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ARTS & ENTERTAINMENT

Samantha Everton: Marionettes

In Marionettes, photo-artist Samantha Everton draws attention to the difference between picture-perfect worlds and lived experience.
By Hilary Simmons
April 19, 2011
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By Hilary Simmons
April 19, 2011
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Internationally acclaimed photo-artist Samantha Everton has gone to extraordinary lengths to source exactly the right antique marionettes, hand-sewn curtains, kingfisher-blue smocks and oddball flourishes for her 2011 Marionettes series. From a distance, her domestic tableaux look like sweet snapshots of well-seamed splendour. Up close, they reveal themselves to be unsettling images of women caught in moments of silent implosion; the unhappy inhabitants of hyper-realities. Marionettes float in airless rooms, clamber up the wall; demonstrate the depths of their despair by plonking face-first into birthday cakes. Their immaculate baby-doll dresses mock the mendacity of modern fantasy, and in most photos a large stuffed bird, such as a duck, observes proceedings impassively.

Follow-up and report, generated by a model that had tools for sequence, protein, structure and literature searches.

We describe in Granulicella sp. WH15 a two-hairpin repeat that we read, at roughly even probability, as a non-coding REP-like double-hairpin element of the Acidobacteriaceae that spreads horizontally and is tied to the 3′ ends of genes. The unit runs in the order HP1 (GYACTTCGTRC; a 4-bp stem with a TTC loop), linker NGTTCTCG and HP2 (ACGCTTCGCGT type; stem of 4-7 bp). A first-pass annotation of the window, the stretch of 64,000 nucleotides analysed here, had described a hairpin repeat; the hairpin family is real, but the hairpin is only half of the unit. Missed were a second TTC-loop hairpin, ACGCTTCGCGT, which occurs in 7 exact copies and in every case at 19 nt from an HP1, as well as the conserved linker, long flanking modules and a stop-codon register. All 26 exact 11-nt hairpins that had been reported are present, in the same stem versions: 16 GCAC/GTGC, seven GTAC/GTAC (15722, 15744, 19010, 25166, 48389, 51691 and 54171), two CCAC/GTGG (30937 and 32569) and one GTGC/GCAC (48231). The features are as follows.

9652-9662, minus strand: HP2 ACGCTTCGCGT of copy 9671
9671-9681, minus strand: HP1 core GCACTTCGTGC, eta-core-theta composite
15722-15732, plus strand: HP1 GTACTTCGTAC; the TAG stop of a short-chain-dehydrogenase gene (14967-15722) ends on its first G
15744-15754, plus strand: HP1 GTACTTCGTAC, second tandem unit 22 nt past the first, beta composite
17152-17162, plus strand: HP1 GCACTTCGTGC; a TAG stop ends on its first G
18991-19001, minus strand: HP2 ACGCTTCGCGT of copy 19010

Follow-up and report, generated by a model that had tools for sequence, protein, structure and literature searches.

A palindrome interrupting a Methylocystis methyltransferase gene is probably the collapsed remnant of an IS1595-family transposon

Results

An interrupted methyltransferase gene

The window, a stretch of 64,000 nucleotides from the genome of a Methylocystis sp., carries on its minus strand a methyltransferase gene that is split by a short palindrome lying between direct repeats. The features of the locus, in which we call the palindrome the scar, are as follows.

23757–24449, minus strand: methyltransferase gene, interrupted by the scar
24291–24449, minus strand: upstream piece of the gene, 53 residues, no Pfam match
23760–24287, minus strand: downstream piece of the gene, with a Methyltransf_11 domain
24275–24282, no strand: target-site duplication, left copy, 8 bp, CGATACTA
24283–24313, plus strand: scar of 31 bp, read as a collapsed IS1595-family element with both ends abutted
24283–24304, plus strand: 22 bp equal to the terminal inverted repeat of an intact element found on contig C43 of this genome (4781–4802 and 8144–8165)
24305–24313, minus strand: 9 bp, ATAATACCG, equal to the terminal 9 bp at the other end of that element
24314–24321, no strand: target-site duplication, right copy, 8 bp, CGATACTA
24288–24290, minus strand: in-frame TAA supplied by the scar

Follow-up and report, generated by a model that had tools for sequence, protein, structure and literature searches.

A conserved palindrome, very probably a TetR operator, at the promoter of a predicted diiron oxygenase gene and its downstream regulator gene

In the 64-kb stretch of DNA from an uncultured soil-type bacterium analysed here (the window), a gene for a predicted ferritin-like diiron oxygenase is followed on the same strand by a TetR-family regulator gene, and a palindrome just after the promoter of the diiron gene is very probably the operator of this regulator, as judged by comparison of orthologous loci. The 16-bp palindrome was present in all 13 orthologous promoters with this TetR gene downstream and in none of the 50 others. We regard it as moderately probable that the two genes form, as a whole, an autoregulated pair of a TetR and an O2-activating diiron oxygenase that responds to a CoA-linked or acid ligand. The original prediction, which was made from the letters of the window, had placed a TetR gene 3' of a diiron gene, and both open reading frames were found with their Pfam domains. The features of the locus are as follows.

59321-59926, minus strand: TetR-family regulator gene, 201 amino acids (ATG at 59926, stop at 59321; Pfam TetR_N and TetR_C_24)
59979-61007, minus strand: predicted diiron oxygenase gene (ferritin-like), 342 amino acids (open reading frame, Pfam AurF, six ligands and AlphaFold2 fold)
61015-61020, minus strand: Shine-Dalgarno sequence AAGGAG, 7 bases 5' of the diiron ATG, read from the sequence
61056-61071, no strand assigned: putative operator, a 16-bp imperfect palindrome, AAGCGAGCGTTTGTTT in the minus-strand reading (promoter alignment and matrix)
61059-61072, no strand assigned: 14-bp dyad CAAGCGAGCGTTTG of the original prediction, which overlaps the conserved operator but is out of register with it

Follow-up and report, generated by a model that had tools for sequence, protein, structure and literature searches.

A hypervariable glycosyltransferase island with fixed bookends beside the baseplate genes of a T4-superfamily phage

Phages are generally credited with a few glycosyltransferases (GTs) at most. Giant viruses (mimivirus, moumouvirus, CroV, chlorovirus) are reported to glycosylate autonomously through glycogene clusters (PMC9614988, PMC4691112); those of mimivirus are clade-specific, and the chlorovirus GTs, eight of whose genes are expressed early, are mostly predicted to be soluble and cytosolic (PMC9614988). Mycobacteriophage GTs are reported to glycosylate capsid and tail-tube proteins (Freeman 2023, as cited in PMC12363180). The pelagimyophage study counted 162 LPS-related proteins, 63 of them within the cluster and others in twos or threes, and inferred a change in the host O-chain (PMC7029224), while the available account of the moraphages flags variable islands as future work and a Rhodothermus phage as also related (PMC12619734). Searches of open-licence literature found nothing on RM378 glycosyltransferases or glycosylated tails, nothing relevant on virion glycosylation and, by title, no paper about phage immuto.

Everton is drawing attention to the difference between picture-perfect worlds and lived experience; her previous bodies of photographic art, namely the Utopia series, the Vintage Dolls series, and the Catharsis series, also illuminate women's psychological and sociological isolation. Everton always captures her images on traditional film using a medium format camera to heighten the surrealism of the narrative content and underlying symbolism. In Marionettes, her characters experience catatonic crisis in stifling settings and the unerring precision of her photographic processes means that we too dive into the shadowy depths of subconscious desire.

Come witness these captured moments of implosion — in Blue Day, a woman hangs from the picture-rail in her bedroom, waiting for you.

Image: Birthday Cake, Samantha Everton, 2011

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